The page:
This study consisted of both in vivo and in vitro experiments. The in vivo experiments were conducted in mice (C57BL/6 J or CXCR5−/−) with cecal ligation and puncture (CLP; Fig. 1A, B). A group of C57BL/6 J mice undergoing sham surgery was included as a control. Tests for cognitive functions included a standard 5-day Morris water maze (14 days after CLP) and then a fear conditioning test (19 days after CLP). Separate groups of mice were killed 3, 7, and 14 days after CLP for Western blotting, transmission electron microscopy and immunohistochemistry analyses in the hippocampus. The in vitro experiments were conducted in primary microglial cells (Fig. 1C, D). Briefly, cells were seeded at a density of 3.5 × 105 cells/mL in serum-free DMEM (Thermo Fisher Scientific, Waltham, MA, USA) into 6-well plates containing coverslips, incubated at 37 ℃ overnight, and then exposed to lipopolysaccharide (LPS; Thermo Fisher Scientific) at a concentration of 200 ng/mL for 24 h . In some experiments, cultures were pretreated with short interfering RNA (siRNA) targeting CXCR5 (5′-CUGGACAGAUUGGACAACU-3′; GenePharma, Shanghai, China) or with scrambled sequence (5’-UUCUCCGAACGUGUCACGU-3′; GenePharma) at 24 h before LPS challenge . CXCR5 knockdown was verified using Western blot analysis. The siRNAs (20 pmol) were dissolved in 100 μL serum-free OptiMEM, mixed with 1 μL Lipofectamine 2000 (Invitrogen, Carlsbad, CA, USA), and added to the cultures. In some experiments involving CXCR5 siRNA, cells were pretreated with the p38MAPK inhibitor SB203580 (10 mmol/L; Sigma-Aldrich, St Louis, MO, USA), the p38MAPK agonist P79350 (50 mmol/L; Calbiochem, La Jolla, CA, USA) or vehicle for 1 h prior to adding CXCR5 siRNA administration. In a separate set of experiments involving CXCR5 siRNA, cells were treated with the autophagy inhibitor 3-methyladenine (3-MA) (10 mmol/L; Monmouth Junction, NJ, USA) or agonist rapamycin (1 nmol/L; Sigma-Aldrich) at 25 h before LPS challenge to examine the role of autophagy in the effects of CXCR5 knockdown. Cells were collected at 24 h after LPS treatment for Western blotting and immunofluorescence analysis.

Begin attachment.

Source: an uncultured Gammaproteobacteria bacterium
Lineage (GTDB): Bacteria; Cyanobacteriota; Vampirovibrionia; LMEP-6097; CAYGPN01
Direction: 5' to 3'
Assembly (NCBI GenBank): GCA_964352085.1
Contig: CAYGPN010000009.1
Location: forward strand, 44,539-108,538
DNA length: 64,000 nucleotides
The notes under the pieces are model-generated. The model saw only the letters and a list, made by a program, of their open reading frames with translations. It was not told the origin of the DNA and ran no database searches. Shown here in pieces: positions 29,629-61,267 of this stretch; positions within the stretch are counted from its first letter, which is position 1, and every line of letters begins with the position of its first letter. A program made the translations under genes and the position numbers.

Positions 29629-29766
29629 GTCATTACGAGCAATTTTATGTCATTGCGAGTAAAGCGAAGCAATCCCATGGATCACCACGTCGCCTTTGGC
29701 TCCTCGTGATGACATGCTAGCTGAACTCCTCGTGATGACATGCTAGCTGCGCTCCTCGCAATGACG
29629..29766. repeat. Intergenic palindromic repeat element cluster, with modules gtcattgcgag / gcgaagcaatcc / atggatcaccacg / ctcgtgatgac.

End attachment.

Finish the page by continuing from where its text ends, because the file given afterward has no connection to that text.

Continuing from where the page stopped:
CLP was conducted as previously described . Briefly, mice were anesthetized with intraperitoneal injection of sodium pentobarbital (40 mg/kg). After disinfection, an incision 2–3 cm long was made at 1.5 cm below the xiphoid to expose the abdominal cavity. The cecum was isolated and ligated at half the distance between the distal pole and the base of the cecum, punctured with a 22-gauge needle, and gently squeezed to force the fecal contents into the peritoneal cavity. The cecum was returned to the peritoneal cavity, and the abdomen was closed using 3–0 silk sutures. In the case of sham-operated mice, the abdominal cavity was opened to expose the cecum without ligation or puncture.